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Functional Assessment of Urinary Neuro-biogenic Amines—A COMPREHENSIVE GUIDE

and stroke. Animal studies indicate that

acute stressors may cause transient ele-

vations in extracellular glutamate, and

may temporarily upregulate glutamate

receptor expression. Excess glutamate

may be associated with defective func-

tion of excitatory amino acid transport-

ers (EAATs), glutamine synthetase, the

membrane cystine-glutamate antiporter,

oxidative stress, hypoxia, tissue injury

and increased permeability of the blood

brain barrier (BBB).

Evidence indicates that activation of

serotonin 5-HT2A receptors may in-

crease the release of glutamate and that

psychotic symptoms may occur due to

increased stimulation of amino-3-hy-

droxy-5-methyl-4-isoxazole propionic

acid (AMPA) and kainate glutamate re-

ceptors. AMPA and kainite receptors are

located at the periphery of synapses, and

are not normally stimulated if glutamate

metabolism, release and re-uptake occur

at normal levels.

Synthesis and metabolism:















In the CNS astroglia (astrocytes) re-

lease of a variety of neuroactive mole-

cules (ATP, D-serine, kynurenic acid),

including glutamate, to influence syn-

apse activity. Glial cells are the prima-

ry source of glutamate in the CNS; the

blood-brain barrier (BBB) prevents the

passage of glutamate. Glutamate may

be synthesized by astroglia or in the mi-

tochondria of neurons. Glutamate is in-

ter-converted to glutamine through the

enzymes glutaminase or glutamine syn-

thetase (both enzymes may have mul-

tiple enzyme isoforms). Conversion al-

lows glutamate to be transported into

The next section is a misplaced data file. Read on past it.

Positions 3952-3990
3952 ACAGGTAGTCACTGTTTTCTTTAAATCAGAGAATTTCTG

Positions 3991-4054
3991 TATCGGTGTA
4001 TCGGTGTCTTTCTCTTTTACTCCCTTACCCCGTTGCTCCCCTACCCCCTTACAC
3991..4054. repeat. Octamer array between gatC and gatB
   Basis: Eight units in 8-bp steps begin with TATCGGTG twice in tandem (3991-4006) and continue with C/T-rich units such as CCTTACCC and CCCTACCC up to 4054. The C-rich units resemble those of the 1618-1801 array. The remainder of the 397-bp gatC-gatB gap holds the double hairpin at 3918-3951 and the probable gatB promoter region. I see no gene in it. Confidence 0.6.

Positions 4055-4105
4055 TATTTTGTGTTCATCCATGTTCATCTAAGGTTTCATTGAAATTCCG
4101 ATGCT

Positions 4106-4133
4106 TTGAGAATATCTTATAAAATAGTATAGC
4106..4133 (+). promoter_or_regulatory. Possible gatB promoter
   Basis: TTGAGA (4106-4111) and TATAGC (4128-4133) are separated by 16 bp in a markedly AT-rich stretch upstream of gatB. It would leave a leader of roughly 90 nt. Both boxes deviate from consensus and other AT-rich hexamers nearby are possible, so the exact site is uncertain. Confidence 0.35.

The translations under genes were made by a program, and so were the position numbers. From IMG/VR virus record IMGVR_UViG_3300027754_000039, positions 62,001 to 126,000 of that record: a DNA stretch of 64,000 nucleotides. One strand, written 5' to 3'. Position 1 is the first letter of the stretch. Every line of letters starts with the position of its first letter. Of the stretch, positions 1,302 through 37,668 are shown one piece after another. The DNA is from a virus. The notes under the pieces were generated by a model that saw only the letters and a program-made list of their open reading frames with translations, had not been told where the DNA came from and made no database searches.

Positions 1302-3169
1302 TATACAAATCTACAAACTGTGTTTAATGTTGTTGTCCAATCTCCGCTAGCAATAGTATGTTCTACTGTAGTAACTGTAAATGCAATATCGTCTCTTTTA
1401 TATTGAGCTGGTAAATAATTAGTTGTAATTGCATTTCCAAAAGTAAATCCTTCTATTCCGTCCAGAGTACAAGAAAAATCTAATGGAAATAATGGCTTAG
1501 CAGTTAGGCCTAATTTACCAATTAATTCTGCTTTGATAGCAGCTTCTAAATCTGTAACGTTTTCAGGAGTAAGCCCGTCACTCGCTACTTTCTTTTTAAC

neurons and astroglia as glutamine.

Once synthesized, glutamate is

stored in the astroglia and in synaptic

vesicles until it is released. Any excess

glutamate released into the synapse is

cleared by highly efficient excitatory

amino acid transporters (EAATs) found

on the astroglia. EEATs, unless dam-

aged or defective, keep extracellular

glutamate levels low and insufficient for

high-affinity glutamate receptor signal-

ing (see Figure 12).

EAAT function is inhibited by reac-

tive oxygen species that are generated

within cells as extracellular glutamate

levels rise. Extracellular glutamate levels

may also increase if glutamine uptake by

cells is compromised.

Exposure to excess manganese, a

necessary trace element, may disrupt

the glutamine/glutamate/GABA cycle.

Manganese may compete with iron for

transport across the blood brain barrier

into the CNS; other transporters may

carry manganese across the BBB as well.

Excess manganese may disrupt mito-

chondrial function, increase oxidative

stress, and deplete glutathione levels.

Manganese tends to concentrate in as-

troglia mitochondria due to the presence

of high-capacity transporters in these

cells. Astroglia contribute glutathione,

and other nutritional support, to neu-

rons. Normal astroglia function is nec-

essary to maintain the BBB. Disruption

of astrogliafunctions may lead to astro-

gliosis and inflammatory signaling in the

CNS. Manganese may: